Matthew Holgate is on a mission. He’s student body president at Christ-centered Vanguard University in California. And he’s becoming an expert in human trafficking, especially among his people in the Navajo Nation.
“As a Christian, I feel like it’s my responsibility to combat the issue of human trafficking, whether that’s educating people or doing studies and research…but as a Christian and being a Native American, the Christian aspect of this, I look at human trafficking biblically.”
“First, I see a call to action in Matthew chapter 5 when Jesus talks about being salt and light,” Holgate explains, “And secondly, from Proverbs…the New Living Translation, it reads, Speak up for those who cannot speak for themselves; ensure justice for those being crushed (Proverbs 31:8).” Holgate sees that scripture as a second call to action for him to stand up for Native American people, who “have had their voices taken from them – and in some cases, they’re not even invited to the table.”
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When it comes to finding ways to manipulate people, “Traffickers use multiple avenues to get to people who they may seek out as being vulnerable.” Holgate offers a statement he regards as very valuable, attributed to Dr. Beth Grant, co-founder of Project Rescue: ‘Human trafficking is one of the most tangible forces of evil that we can see today. Trafficking at its core is people hurting people – and people taking away the freedom that God gave everyone – and using another person’s freedom for their own personal gain.’
One factor that may surprise many, catering vulnerable girls and women to licentious men is not the most common form of trafficking. Holgate shares that “labor trafficking” is the biggest form of trafficking and accounts for about 2/3rds of all trafficking globally. Victims of this tactic may end up washing dishes or other menial tasks, or exhaustive hard labor, at little or no pay and terrible living conditions.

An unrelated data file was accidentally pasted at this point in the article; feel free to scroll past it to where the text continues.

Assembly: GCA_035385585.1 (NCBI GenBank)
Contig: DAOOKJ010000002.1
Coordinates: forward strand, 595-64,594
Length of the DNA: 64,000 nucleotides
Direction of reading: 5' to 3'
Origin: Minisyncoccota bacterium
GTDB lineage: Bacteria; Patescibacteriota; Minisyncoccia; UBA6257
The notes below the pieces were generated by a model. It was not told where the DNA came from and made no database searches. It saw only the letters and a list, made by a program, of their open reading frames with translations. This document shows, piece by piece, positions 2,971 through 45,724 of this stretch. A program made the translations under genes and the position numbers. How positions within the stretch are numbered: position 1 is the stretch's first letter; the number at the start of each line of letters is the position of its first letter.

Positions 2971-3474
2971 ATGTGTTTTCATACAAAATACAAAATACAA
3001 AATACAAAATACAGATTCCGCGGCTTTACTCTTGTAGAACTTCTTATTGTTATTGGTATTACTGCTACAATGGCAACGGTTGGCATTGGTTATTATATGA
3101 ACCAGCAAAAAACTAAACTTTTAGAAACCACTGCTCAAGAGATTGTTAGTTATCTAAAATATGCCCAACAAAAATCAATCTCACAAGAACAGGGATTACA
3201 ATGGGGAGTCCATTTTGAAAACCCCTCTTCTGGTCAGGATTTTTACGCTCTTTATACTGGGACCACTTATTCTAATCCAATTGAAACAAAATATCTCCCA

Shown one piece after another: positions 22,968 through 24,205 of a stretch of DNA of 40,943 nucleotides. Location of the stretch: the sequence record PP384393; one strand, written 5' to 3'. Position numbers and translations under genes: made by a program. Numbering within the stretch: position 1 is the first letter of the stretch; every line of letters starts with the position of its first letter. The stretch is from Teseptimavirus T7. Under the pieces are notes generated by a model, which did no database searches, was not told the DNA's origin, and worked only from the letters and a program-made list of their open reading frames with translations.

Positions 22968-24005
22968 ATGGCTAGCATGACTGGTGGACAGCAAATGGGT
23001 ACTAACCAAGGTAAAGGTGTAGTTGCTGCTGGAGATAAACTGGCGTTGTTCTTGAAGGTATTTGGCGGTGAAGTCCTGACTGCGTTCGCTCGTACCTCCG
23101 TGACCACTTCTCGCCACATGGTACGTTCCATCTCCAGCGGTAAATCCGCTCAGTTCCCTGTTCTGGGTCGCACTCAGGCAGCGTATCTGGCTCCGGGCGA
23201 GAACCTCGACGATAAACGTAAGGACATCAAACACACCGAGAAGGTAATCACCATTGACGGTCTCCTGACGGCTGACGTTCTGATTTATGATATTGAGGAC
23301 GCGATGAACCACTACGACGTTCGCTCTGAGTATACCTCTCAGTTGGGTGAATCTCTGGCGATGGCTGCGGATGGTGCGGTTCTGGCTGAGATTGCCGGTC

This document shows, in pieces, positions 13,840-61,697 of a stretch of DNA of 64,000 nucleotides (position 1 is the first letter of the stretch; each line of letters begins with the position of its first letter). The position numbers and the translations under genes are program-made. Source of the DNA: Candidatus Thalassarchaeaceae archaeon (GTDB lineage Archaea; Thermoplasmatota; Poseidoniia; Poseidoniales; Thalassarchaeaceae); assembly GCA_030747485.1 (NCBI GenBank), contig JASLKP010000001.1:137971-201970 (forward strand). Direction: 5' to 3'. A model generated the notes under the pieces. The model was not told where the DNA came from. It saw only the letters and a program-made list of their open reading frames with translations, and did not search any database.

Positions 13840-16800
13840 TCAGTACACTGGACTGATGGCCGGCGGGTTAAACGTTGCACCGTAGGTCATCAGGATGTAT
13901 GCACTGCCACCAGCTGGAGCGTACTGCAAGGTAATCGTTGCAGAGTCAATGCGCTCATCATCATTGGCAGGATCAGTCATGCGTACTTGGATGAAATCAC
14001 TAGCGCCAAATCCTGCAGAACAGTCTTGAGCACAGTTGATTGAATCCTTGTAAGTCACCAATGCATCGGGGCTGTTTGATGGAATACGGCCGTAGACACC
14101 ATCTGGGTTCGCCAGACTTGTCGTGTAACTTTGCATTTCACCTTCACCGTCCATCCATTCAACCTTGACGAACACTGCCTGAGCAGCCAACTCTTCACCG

Holgate makes it clear that “traffickers are sneaky and traffickers are smart” often setting up situations that make it difficult to bring charges against them. Extortion and intimidation often involve immigrants, who know little about protective laws, and feel helpless when the traffickers confiscate their documents, leaving the immigrants with no identification capability. Traffickers prey upon their already existing distrust of government agencies.
Looking ahead, Holgate has a fairly definite idea of what he wants to do once he graduates. We suspect he will become a force of good representing Christ in the battle against trafficking. And he sees the need to counsel people who have been caught in this evil web of human abuse that often leaves victims suffering from indescribable trauma. His goal includes creation of a non-profit to raise awareness of trafficking among Native American communities. All this -and more - is in our interview podcast just below.